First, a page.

Al-Radawi Sayyids are descendants of Muhammad al-A'raj b. Ahmad b. Musa al-Mubarqa' (218/833-4 d.296/908-9) the son of Imam al-Jawad (a) (195-220/811-835). They mainly live in Mashhad, Qom and Hamadan.

Naming by Last Imam

Genealogically, a Sayyid is called by the nearest Imam in his family tree. For instance, a Sayyid who is a descendant of Imam al-Kazim (a) is called al-Musawi although he is inevitably a descendant of Imam al-Husayn (a) or Imam Ali (a).[8]

In Earlier Centuries

During the reign of Umayyad and Abbasid to the end of the caliphate of al-Mutawakkil some Sayyids hid their lineage to the Prophet (s) or had to immigrate to remote areas as a result of oppression and tyranny.

Immigration of Sayyids

Based on their social status and the period of time that they lived in, Sayyids immigrated to different regions such as Iran, Asia Minor, Yemen, Syria, and North Africa.

After Islam entered Iran in the 1st/6th century, the first group of Banu Hashim moved to Iran. The immigration to Iran increased in the middle of the 2nd/7th century and reached its peak in the late of 2nd/8th to the middle of the 3rd/9th century. They mostly settled in Arjan (Bihbahan), Qom, Shiraz, Isfahan, Jabal (Hamadan and central regions of Iran) and Tabaristan.

Several reasons have been counted for immigration of Sayyids to Iran:

Oppression by Umayyad and Abbasid Caliphs

Tyranny and oppression by caliphs, persecution, murder, and plunder in Iraq and Hijaz are some of the reasons for their immigration.

They have been massacred during the reign of Mu'awiya, Yazid b. Mu'awiya, Marwan b. al-Hakam, 'Ubayd Allah b. Ziyad, al-Hajjaj b. Yusuf and Abbasid dynasty.[9]

Humayd b. Ghahtaba al-Ta'i said, "One night, Harun (the Abbasid caliph) summoned me. He ordered me to take my sword and do whatever his servant tells me. The servant took me to a house with three rooms and a well in the middle of its yard. He unlocked the first room. There were 20 people. He said that all of them were descendants of Ali (a) and Fatima (a) and the caliph has ordered you to kill them. So I killed them one after another and he dumped their heads and bodies in the well. Then he opened the door of the next room. There was another 20 descendants of Ali (a) and Fatima (a). We did the same to them. The servant opened the last room and there was another 20 Sayyids. I killed 19 of them. The last one who was an elderly Sayyid faced me and said, "O, wicked! Woe to you! What excuse do you have when you encounter our great grandfather, the Apostle of Allah (s) on the Day of Judgment while you have already killed 60 of his descendants?!" My hand started shivering and also my whole body. The servant looked at me with anger and I feared him, so I killed that elderly Sayyid as well."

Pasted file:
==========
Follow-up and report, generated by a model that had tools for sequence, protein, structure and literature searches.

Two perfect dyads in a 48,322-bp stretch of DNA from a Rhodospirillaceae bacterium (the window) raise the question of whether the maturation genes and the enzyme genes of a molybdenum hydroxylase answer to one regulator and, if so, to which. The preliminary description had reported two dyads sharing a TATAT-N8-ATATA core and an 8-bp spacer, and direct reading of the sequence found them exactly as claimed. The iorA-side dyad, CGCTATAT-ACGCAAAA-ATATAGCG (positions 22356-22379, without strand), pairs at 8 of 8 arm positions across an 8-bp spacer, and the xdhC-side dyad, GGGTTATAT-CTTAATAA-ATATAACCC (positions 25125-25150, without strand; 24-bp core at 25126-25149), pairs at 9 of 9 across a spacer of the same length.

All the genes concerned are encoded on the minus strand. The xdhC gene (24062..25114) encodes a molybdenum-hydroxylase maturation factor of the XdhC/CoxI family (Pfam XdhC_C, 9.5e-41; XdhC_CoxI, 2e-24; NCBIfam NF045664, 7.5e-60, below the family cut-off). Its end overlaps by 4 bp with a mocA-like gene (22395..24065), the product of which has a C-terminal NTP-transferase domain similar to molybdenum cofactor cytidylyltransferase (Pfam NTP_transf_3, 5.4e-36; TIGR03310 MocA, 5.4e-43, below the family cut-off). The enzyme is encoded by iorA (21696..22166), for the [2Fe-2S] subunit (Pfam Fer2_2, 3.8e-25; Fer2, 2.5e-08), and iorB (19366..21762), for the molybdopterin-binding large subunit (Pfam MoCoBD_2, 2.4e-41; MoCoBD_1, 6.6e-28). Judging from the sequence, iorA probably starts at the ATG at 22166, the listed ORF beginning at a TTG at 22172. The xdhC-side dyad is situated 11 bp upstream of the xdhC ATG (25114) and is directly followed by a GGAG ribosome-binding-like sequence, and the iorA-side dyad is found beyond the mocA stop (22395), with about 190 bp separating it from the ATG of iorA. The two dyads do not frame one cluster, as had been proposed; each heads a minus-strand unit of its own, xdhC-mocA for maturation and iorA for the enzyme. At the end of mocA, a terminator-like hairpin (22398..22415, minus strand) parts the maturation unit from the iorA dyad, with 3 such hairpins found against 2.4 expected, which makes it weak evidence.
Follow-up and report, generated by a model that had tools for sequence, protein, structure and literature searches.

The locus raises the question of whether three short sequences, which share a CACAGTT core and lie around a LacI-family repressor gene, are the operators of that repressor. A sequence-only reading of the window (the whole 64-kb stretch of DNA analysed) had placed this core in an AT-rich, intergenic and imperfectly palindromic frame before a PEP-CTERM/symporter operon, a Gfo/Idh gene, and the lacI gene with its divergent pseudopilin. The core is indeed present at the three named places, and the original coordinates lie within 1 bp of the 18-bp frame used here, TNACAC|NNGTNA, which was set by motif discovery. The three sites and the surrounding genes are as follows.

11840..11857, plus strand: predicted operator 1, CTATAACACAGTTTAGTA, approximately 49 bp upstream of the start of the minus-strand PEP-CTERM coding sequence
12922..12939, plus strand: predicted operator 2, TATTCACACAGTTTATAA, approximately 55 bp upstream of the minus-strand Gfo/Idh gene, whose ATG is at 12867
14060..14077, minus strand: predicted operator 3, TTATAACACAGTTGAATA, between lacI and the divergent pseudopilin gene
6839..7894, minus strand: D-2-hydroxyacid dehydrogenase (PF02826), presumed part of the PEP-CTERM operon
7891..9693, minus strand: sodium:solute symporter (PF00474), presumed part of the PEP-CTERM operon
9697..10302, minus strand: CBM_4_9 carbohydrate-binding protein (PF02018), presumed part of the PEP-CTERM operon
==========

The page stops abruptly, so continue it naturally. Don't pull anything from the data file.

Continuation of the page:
Maqatil al-Talibiyyin has narrated from Ibrahim b. Rayyah: "When Harun al-Rashid captured Yahya b. 'Abd Allah b. al-Hasan b. al-Hasan, he built a pillar on him while he was alive. Harun had learned this from his great grandfather, al-Mansur.

Alawis' Uprisings

There were several uprisings led by descendants of the Prophet (s) throughout Islamic history such as:

Appointment of Imam al-Rida (a)

After that al-Ma'mun named Imam al-Rida (a) as his successor, the Imam wrote a letter to Sayyids in Medina and invited them to Iran.[10] As a result the lady Fatima al-Ma'suma (a), her brothers and sisters and other Sayyids moved to Iran.[11]

Shi'a Governments

One of the reasons that attracted Sayyids to the north region of Iran was establishment of Shi'a governments in Tabaristan.[12]

Diwan al-Niqaba

Diwan al-Niqaba (the office of headship) was established and became one of the official institutions of the government during the Caliphate of al-Musta'in, the Abbasid Caliph. The institution was established to register Sayyids' birth, death, and marriage and also to distribute some religious funds such as khums and zakat among them.[13]

The first naqib (head) of Sayyids was al-Sharif Abu 'Abd Allah al-Husayn b. Abi l-Ghana'im Ahmad, known as Nahr Shabusi. He was a descendant of Zayd b. Ali and the nephew of Yahya b. 'Umar who had revolted in 250/864-5. When he saw the weakness of al-Musta'in, the caliph, he went to him and suggested the establishment of Diwan al-Niqaba. He wrote a book titled as al-Ghusun fi shajarat Bani Yasin (the stems in the tree of Yasin's descendants) in genealogy of Sayyids.[14].[15]